I Am Legend adaptation “review”

To be honest, I’m in the middle of scrambling to reach my 2016 reading goal. (I probably won’t reach it.) How are you doing with your reading goal? Do you have one? Do you care? LMK.

I recently read Richard Matheson’s “I Am Legend” and freaking loved it. I have always put books like that (post-apocalyptic, monster, etc. books) into the general “since I’m such a scaredy cat I probably won’t finish it” category, which is unfortunate but mostly true. “I Am Legend”, however, came out of the need for a short book I could add to my “Read” list this year, and from a friend’s recommendation. I truly have been trying to branch out more in my reading, and this time it was definitely worth it.

What I loved most about the book was Neville’s complete isolation, and the perspective we as the reader were allowed to see of it. Given the nature of the singular character, it’s interesting that the book wasn’t in first person; that shift could have given the story a bit more suspense. However, since this is my first glance into Matheson, it might just be his MO. I was completely awe struck by his writing style, though. The man can write. Obviously.

Apart from that, the title and theme of the book are just sublime. I guessed at the true meaning quite early when Neville was reviewing the research he had done on vampires. “And, before science had caught up with legend, the legend had swallowed science and everything.” (Matheson 29) Humanity now was becoming the legend.

The beauty that Neville became a legend, in the mythical sense of the word, based on the fact that he was the last human, was so simple and yet so, like, beautiful. You know? It wasn’t that he was a legend in the “superhero” sense of the word because he gave this incredible last stand and set out to defeat the vampires altogether.

Enter the film I Am Legend.

All of my issues with the film stem from the fact that film was not a true representation of what the book’s message was. Yes, I understand that in adaptations things must change, and that a film audience is often a much different audience than a story’s readership, but this one just deviated too far for me.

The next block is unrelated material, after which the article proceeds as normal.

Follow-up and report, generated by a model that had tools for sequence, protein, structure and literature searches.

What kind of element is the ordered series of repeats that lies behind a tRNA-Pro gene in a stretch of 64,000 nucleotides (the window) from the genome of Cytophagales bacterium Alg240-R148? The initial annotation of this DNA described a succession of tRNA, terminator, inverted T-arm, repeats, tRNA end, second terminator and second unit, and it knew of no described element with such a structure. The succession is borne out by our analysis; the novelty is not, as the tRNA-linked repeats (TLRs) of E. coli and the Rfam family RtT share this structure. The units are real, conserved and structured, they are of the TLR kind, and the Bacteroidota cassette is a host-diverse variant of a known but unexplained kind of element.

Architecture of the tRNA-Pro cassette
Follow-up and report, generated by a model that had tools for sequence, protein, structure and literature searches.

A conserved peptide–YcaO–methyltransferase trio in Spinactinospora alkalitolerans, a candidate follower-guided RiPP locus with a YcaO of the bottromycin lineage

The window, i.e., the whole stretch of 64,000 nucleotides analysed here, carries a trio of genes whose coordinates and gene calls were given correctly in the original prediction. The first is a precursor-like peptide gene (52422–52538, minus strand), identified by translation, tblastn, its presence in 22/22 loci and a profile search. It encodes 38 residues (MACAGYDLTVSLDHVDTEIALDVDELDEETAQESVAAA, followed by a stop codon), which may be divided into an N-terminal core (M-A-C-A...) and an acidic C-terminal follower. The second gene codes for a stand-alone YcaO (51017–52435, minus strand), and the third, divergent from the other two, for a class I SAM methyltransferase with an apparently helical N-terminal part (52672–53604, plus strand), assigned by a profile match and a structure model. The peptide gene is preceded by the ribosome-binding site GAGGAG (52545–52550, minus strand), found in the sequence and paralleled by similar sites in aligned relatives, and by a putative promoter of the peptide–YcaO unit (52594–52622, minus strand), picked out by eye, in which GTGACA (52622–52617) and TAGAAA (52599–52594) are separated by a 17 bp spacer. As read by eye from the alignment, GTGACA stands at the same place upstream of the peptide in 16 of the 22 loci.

For one, Neville’s isolation was completely taken away with the presence of Samantha, his dog. There was no room for Neville to have his crazed moments, and even when Sam did die of the virus, I did not believe Neville’s scene of loneliness in the video store talking to the mannequin; not nearly enough time had passed.

I can even forgive the new backstory of Neville being some sort of Army Medical Doctor, and even that the vampires could be killed by simple bullets, but what I cannot forgive is the end. This idea that true humanity had ultimately survived. It completely robbed Robert Neville of being that legend, the last, the myth of humanity. To have Neville make a last stand in the film by literally sacrificing himself is a disservice to the character that Matheson set him out to be, and it was very upsetting. His end was meant to be met alone, as the last human. I feel like the film extremely misinterpreted the “legend” aspect of the story, but that only shows our own modernity.

Today we have no legends, apart from those few and far between urban legends like Bigfoot or whatever. Now all of our legends are seen in a historical aspect, what someone’s legacy is, rather than a myth.

So, yes I enjoyed the book and perhaps got a bit attached. This is only my silly opinion, but I had to get it out. If you’re a film maker, stop fucking up books, will you?


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